Does he then come with the right profile to shake-up the police force, guarantee its autonomy from political influence and professionalise and resource its leadership? If he were to do so he should certainly expect that such a thing would land the people the police have been protecting the last three years in some seriously hot water. What would be the choice of Byron Camilleri who owes his political existence entirely to Joseph Muscat, withdrawing the paralysing political control his predecessor exerted on the corps to let it chase his mentor or continue as if he was an upgraded image of Michael Farrugia?
Yes, it is a good signal to see Michael Farrugia pulled out of the police ministry. I remember calling for his resignation the day Daphne Caruana Galizia was killed or thereabouts. Since then he’s fudged his way through a grotesque cover-up that culminated in that interview with Italian TV when he told them the arrest of the masterminds of the assassination was imminent a year or so before it actually happened. And not thanks to him.
But what signal is it really that he’s been replaced by Byron Camilleri?
Is that really something to make anyone optimistic about anything?
With Robert Abela’s ministers as with Robert Abela himself, we are expected to go back to default in our attitude towards the government, to comply, obey, follow and adore. But this is the same Labour Party, the same parliamentary group, the same score of MPs who have been governing the country with one hand and robbing it with the other.
We’d best keep that in mind.
There’s one more assignment announced today that saddens me particularly. Pleased as I am to see the back of Owen Bonnici from the Justice Ministry, seeing him dumped in the Education Department should force everyone to despair.
His handling of his culture portfolio was abysmal. To say the man is over-rated is to over-estimate his ratings. It’s not that Owen Bonnici disappoints. He rather exceeds all expectations of bewildering mediocrity. There’s no responsibility which is too mundane for someone so bereft of imagination, energy, individuality and sense. If he were made minister for sea slugs, I’d worry they’d have to be put on the endangered list.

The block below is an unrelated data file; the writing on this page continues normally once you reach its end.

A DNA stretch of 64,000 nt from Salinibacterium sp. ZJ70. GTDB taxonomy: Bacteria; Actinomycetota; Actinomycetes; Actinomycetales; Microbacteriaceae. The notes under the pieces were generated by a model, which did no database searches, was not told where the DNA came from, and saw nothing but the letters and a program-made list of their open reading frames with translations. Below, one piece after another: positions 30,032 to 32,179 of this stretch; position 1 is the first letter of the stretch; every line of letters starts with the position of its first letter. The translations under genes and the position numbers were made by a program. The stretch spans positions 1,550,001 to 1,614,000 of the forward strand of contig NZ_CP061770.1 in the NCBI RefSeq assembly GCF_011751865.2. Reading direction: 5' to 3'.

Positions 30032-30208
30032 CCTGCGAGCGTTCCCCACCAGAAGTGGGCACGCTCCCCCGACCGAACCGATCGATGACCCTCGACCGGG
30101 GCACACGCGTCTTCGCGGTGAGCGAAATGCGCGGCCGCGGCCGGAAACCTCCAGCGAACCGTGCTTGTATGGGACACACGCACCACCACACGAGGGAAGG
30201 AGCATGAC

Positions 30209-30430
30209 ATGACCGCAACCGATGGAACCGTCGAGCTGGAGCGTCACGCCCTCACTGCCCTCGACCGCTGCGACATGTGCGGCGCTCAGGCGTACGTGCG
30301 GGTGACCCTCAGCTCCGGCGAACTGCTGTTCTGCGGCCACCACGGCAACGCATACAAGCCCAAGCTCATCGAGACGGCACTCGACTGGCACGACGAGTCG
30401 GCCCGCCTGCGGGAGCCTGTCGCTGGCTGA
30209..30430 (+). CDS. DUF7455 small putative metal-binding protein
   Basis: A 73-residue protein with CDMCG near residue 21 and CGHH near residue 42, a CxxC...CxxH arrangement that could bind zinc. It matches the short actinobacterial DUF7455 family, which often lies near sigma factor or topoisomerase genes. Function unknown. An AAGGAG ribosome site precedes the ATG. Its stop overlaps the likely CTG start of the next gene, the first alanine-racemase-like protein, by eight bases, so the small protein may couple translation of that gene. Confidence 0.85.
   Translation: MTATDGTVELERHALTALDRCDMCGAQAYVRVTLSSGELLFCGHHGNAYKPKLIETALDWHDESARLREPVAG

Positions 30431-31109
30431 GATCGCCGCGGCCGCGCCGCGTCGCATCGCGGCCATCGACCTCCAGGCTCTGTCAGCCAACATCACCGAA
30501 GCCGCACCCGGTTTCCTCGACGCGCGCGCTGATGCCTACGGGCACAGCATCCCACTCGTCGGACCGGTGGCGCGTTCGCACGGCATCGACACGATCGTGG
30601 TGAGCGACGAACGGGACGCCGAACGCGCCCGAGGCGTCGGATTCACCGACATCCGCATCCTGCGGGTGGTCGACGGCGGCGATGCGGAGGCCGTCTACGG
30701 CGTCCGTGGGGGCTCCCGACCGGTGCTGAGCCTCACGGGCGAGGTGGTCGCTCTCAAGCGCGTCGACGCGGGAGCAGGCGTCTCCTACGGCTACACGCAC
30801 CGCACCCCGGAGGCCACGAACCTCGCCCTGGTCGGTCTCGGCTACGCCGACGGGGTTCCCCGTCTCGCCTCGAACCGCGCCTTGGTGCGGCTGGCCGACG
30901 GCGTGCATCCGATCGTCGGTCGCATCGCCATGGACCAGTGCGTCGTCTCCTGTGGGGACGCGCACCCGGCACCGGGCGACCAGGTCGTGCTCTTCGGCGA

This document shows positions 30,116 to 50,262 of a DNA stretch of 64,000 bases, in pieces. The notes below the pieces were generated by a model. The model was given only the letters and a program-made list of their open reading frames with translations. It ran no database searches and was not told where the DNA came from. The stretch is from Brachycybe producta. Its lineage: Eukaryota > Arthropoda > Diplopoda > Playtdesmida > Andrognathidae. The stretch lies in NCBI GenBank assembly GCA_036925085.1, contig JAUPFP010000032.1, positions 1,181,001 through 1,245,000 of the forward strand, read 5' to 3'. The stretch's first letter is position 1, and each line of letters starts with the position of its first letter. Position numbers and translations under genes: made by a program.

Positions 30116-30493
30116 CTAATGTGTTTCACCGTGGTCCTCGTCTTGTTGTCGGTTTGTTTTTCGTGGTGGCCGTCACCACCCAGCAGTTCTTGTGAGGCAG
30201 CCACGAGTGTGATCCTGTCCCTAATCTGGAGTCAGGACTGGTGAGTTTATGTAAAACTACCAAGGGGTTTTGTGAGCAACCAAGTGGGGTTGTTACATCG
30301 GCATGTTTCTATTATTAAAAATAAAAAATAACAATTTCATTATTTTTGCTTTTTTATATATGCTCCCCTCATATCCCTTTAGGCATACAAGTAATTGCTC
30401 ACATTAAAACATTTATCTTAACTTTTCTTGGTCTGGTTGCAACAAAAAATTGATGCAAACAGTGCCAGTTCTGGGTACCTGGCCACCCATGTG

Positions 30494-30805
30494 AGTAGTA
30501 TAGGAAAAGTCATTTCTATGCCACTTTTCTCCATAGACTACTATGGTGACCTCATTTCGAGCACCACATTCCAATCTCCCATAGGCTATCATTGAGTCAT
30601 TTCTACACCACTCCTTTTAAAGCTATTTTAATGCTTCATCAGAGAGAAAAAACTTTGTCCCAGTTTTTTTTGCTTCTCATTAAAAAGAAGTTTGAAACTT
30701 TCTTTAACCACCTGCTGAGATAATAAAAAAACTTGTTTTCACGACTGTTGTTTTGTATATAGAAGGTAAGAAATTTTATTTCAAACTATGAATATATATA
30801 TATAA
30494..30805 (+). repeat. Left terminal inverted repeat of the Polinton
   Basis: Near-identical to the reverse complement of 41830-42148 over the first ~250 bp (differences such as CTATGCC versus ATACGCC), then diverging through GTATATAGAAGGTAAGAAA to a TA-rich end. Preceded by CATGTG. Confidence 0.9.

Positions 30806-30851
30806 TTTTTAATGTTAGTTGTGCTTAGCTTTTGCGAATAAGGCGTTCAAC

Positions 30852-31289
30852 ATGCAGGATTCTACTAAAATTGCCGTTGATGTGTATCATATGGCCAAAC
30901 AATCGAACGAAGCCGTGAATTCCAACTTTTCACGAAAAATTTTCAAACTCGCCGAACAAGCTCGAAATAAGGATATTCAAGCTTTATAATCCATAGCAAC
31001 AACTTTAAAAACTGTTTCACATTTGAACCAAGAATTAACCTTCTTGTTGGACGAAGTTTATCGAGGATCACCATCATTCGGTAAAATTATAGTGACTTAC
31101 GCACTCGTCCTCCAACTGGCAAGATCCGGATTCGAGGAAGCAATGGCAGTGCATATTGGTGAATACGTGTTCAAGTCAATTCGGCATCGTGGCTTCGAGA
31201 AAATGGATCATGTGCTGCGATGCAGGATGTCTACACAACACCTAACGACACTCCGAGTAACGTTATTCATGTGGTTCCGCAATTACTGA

He’s a sad, pathetic man who, like Edward Zammit Lewis, behaved as if he was cultivated out of another of Joseph Muscat’s spare ribs. As minister of justice he forgot himself many times interfering in proceedings he had no place in justifying his butt by saying he’s Joseph Muscat’s personal attorney as well as Justice Minister for the land.
Quite why anyone might think that a man so shallow, so unprepared for adult life, would make a suitable minister for education is beyond me. From there he will rule over the education of our children with the achievement aspirations of a dullard. He will be the patron saint of national mediocrity.
One final note. This cabinet team is massive. Biggest we’ve ever had. I’m not complaining about all the staffers, the cars, the offices and the little armies of “tal-kastimerker” that will be mobilised to assault voters with random calls of “il-ministru saqsik għandekx bżonn xi ħaġa, ħi.” That’s bad enough of course.
But there was another reform recommended by the institutions that have checked us out including the Venice Commission that Robert Abela has ignored. The Labour Party parliamentary group is almost entirely employed in government. Our parliament remains a rubber stamp of the executive. This has not always been so. For generations government majorities had enough MPs to choose their ministers while the rest supported them in parliamentary votes and scrutinised them in between.
Now it seems Labour’s massive parliamentary majority is determined to do anything but its job.
If Labour is determined to reduce parliament to a ceremonial rump of what it’s supposed to be, why not abolish it and hire out the chamber for weddings? After all, Michelle Muscat may need a job now.